If a company wants to offer in-app messaging or voice calls, they don’t need to develop the infrastructure themselves when they have something like Twilio at their disposal. Similarly, if payment support is required, there’s Stripe, and the mighty Google for geographic maps.
But what if a developer is tasked with building real-time multi-user collaboration like Google Docs or Figma into their software? That’s where things get a little more complicated. One option is to build the software yourself and deploy it in the cloud, but this is a complex and resource-intensive task. Another option is to use a managed service such as Pusher (currently owned by Twilio competitor MessageBird) or Atlassian-backed Liveblocks. These services are popular, but can hardly provide the flexibility a company needs when building its own software, as they are proprietary third-party services.
That’s where PartyKit comes in – a deployable, open source platform with all the libraries needed to integrate multi-user functionality into your applications.
“Previously, building and scaling collaborative backends required specialized expertise and large operational investments,” PartyKit founder and CEO Sunil Pai told TechCrunch. “With PartyKit, it’s literally a matter of minutes, and it’s accessible to most.”
Pai left his position as a senior systems engineer at Cloudflare last year and soon after launched the initial version of PartyKit in partnership with whiteboard collaboration app Tldraw. Over the intervening months, Pai completely reworked the initial product to make it suitable for a wider range of tasks and then raised $2.5 million in pre-funding.
That amount was led by venture capital fund Sequoia Capital, with participation from Cursor Capital, Remote First Capital and angels including Cloudflare co-founder and CEO Matthew Prince and Vercel co-founder and CEO Guillermo Rauch.
PartyKit is perhaps somewhat similar to Vercel or Netlify, but with a particular emphasis on collaboration – developers simply bring in all their code and then can integrate PartyKit with their own tools and services and test it on their local machines in continuous integration/continuous delivery (CI/CD) environments.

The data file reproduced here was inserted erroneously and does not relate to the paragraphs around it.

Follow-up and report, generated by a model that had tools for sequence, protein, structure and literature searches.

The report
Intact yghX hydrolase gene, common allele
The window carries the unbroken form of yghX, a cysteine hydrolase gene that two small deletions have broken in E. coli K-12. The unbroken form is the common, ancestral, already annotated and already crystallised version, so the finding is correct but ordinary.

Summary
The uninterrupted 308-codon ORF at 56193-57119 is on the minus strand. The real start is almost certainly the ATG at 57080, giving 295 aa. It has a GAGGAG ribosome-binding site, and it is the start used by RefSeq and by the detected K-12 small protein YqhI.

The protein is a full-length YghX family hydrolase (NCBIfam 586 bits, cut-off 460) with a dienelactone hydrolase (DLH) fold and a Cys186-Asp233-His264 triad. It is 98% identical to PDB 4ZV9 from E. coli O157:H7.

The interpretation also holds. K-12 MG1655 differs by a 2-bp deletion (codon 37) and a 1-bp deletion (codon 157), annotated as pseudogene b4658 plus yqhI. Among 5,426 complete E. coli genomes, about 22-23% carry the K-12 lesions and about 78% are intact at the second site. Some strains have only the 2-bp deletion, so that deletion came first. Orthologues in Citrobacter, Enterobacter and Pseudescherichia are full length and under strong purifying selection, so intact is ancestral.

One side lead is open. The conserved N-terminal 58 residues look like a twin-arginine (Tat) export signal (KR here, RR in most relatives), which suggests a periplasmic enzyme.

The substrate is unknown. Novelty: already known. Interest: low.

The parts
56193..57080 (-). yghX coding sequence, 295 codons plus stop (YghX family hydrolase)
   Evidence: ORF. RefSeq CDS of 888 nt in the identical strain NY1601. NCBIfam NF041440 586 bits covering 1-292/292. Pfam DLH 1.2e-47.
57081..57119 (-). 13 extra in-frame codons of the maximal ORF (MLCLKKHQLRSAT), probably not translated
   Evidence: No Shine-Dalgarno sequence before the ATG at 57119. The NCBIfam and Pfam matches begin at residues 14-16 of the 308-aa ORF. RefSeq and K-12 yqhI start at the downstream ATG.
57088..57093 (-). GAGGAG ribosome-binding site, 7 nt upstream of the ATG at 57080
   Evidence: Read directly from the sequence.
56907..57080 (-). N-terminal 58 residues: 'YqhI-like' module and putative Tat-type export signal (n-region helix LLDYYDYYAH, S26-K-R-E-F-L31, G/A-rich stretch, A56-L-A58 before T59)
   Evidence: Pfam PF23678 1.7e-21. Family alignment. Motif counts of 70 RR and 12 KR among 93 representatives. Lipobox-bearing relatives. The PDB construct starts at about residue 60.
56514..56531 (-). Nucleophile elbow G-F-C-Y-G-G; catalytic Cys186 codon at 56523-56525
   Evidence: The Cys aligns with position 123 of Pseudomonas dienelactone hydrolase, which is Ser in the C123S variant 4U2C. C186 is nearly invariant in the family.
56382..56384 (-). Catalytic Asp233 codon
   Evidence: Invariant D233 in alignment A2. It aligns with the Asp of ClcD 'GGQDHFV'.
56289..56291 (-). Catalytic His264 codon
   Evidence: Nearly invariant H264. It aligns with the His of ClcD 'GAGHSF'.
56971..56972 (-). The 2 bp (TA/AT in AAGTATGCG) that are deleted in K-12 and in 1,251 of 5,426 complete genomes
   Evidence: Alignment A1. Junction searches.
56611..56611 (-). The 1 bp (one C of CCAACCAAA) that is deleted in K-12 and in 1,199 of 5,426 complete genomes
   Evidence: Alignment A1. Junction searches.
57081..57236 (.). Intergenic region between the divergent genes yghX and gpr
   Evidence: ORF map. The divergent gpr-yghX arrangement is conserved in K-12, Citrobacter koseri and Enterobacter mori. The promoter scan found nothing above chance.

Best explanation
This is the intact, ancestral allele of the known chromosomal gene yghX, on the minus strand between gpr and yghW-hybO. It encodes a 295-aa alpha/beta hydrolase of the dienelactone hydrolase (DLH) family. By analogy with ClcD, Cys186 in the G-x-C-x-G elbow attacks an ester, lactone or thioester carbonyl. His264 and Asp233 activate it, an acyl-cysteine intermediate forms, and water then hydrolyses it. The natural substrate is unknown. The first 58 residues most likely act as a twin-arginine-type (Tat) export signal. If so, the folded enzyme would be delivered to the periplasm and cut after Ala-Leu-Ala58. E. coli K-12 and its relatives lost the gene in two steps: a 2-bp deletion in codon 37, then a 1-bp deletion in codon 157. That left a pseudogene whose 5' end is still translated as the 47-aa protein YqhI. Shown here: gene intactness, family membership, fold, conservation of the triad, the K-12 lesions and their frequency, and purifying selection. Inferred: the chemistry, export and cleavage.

“By providing powerful low-level building blocks on which developers can write code, PartyKit allows developers to build applications on their own terms without worrying about the complexities of the underlying infrastructure,” added Pai.
In addition to facilitating real-time human collaboration, perhaps within a digital whiteboard, game or code editing application, companies can integrate large language models (LLMs) from OpenAI or even their own models so that a human operator can be paired with an AI agent and PartyKit handles all the long-running processes, memory and context storage for the machine agent. All with just a few lines of code.
“Building applications like this requires a real-time infrastructure that delivers data and actions to users,” Pai said. “LLM now means people are collaborating not just with humans, but with small AI entities with different goals. There is a huge shortage of platforms that can allow developers to build such applications. That’s why I created PartyKit.”
PartyKit’s platform is built on Cloudflare, indicating that the technology dates back to when Pai worked at that cloud infrastructure company for more than a year. And before that, Pai worked on multi-user applications at Meta*’s Oculus division (low latency and real-time are key to collaboration in VR).
“In each of these situations, I was surprised at how much investment and effort was put into the infrastructure to enable collaboration,” Pai said. “While the rest of the application stack has become very accessible to developers over the past 20 years – I remember a time when you had to be a database specialist to put a blog online – the same level of commercialization and accessibility hasn’t happened in multi-tenant infrastructure. It’s no coincidence that it takes a multi-billion dollar company to create a Google Docs, Figma, or a triple-A game.”
PartyKit has been in open beta testing since July, and a few weeks ago the company announced that it was hiring its first employees. So today, the company actually announced the funding and launch of its platform. The company is also gearing up to roll out premium enterprise-focused features and services, including team support, analytics, compliance, and more. Pai also confirmed that PartyKit will support both on-premises and cloud hosting for those who need it, which is especially important for enterprises that face strict regulatory scrutiny over the storage and handling of sensitive data.
“The idea is to make real-time multiplayer development available to millions of developers around the world, and the only way to do that is to sell it as infrastructure,” Pai said.
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